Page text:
Guest Writer: Joyce Pang 


Rated as one of the most livable cities in the world, Vancouver is seen as a destination for those moving to Canada, especially given the beautiful setting between the North Shore mountains and the coastal landscape. Among the backdrop of nature, it is also among Canada’s most densely populated cities, and home to many vibrant and diverse communities from around the world. Vancouver’s housing market is similar to many metropolitan cities around the world, with high rental prices especially around the Greater Vancouver Area. But don’t let that intimidate you!

Here are 7 tips to for first-time renters in Vancouver: 

1. Know what you’re looking for 

The first step is to outline your search criteria. Do you want an apartment or house? Do you want a furnished or unfurnished home? There are many new apartment listings everyday, knowing exactly what you’re looking for will help you speed up the search process. 

2. Research where you want to live 

Vancouver has many great areas and the rental market can vary between each neighborhood.For example, apartments in Yaletown tend to be more modern and expensive, but most buildings offer great amenities. On the other hand, Metrotown is a family residential area where you’ll find cheaper low-rise buildings and houses. Know what is important to you and do sufficient research before you decide on a location. Tourism Vancouver has a brief breakdown of Vancouver’s neighborhoods you can check out here

3. Learn about transit options available near you 

Vancouver commute times can be slow especially during the winter, so you should know exactly what options are available to you. Find out if you have easy access to the Skytrain, SeaBus, or certain transit lines. Visit Translink to explore modes of getting around in Vancouver.

4. Be prepared to pay a deposit

Most landlords will you pay a security deposit, usually one month’s rent, to secure the place. If you’ve paid the deposit and decided not to move in, your landlord may be allowed to keep your deposit. Plan ahead to have your finances ready so you can commit on the spot. Arrive’s Monthly Expenses Calculator can help know plan and manage your expense before you move – get started here

5. Know your rights and responsibilities

As a renter, you should know what is both legal and acceptable to you. Keep in mind that your social insurance number, bank account, or credit card are not legally required when renting a home. Visit the B.C Residential Tenancy Act for more information on what is required of you.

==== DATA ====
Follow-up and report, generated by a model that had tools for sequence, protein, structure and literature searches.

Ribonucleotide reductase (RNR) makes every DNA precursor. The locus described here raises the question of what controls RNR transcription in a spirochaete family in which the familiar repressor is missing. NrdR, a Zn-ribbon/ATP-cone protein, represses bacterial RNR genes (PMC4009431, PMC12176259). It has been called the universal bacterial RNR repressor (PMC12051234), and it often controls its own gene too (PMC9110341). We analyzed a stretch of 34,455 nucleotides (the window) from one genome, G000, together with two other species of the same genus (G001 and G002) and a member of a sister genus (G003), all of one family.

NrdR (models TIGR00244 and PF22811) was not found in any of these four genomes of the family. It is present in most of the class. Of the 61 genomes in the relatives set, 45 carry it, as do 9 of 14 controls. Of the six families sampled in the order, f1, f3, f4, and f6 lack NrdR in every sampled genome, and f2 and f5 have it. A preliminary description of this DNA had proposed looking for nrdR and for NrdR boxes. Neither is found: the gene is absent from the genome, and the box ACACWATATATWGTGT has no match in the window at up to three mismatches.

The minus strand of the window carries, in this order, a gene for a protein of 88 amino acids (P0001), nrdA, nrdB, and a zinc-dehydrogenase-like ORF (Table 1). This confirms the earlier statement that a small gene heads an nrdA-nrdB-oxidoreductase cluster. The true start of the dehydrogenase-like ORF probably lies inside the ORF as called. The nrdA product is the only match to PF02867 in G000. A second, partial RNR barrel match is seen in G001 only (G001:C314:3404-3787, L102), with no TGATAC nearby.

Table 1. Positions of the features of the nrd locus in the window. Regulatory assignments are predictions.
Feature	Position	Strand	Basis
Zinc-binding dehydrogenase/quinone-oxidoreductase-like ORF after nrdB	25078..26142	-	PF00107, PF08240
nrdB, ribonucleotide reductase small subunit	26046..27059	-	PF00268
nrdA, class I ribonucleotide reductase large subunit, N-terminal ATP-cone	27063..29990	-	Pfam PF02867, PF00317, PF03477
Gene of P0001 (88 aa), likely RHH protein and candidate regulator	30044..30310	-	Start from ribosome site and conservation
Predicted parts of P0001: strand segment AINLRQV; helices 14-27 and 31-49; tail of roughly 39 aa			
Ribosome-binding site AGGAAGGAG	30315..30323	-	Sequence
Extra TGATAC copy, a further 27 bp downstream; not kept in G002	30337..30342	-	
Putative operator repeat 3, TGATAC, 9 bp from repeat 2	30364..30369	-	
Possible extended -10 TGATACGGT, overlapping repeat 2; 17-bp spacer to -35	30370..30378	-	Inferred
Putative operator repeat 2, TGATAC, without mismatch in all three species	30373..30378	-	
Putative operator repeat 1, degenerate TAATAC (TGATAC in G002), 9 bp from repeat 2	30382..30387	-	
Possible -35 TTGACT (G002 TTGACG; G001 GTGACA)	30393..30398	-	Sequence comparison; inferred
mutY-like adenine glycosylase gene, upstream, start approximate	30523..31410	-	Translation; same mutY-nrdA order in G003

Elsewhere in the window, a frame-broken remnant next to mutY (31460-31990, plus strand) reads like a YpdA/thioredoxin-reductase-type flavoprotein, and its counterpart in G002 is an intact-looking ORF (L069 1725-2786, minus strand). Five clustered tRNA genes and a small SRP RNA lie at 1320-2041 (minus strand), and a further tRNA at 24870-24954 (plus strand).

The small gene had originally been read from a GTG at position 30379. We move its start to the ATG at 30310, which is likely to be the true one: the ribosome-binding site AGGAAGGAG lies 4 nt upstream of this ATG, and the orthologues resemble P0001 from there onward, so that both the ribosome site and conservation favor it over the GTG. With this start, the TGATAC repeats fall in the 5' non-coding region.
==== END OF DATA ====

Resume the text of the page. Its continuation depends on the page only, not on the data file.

6. Be transparent with your landlord

Communicating with your landlord is key to living comfortably in your home. You should notify your landlord of problems you encounter, Be sure to always confirm what is permitted in your lease if you are unsure, such as bringing extra guests over or making alterations to your rental unit. If you fail to report these issues, you could lose your security deposit, or even be evicted. 


One last piece of advice is to be patient! We know rental housing in Vancouver isn’t cheap, so allow yourself time to look around for a suitable place. Remember, there’s something for everyone!



About Arrive

Arrive is powered by RBC Ventures Inc, a subsidiary of Royal Bank of Canada. In collaboration with RBC, Arrive is dedicated to helping newcomers achieve their life, career, and financial goals in Canada. An important part of establishing your financial life in Canada is finding the right partner to invest in your financial success. RBC is the largest bank in Canada* and here to be your partner in all of your financial needs. RBC supports Arrive, and with a 150-year commitment to newcomer success in Canada, RBC goes the extra mile in support and funding to ensure that the Arrive newcomer platform is FREE to all. Working with RBC, Arrive can help you get your financial life in Canada started – right now. Learn about your banking options in Canada and be prepared. Click here to book an appointment with an advisor.

* Based on market capitalization


This article offers general information only and is not intended as legal, financial or other professional advice. A professional advisor should be consulted regarding your specific situation. While information presented is believed to be factual and current, its accuracy is not guaranteed and it should not be regarded as a complete analysis of the subjects discussed. All expressions of opinion reflect the judgment of the author(s) as of the date of publication and are subject to change. No endorsement of any third parties or their advice, opinions, information, products or services is expressly given or implied by Royal Bank of Canada or its affiliates.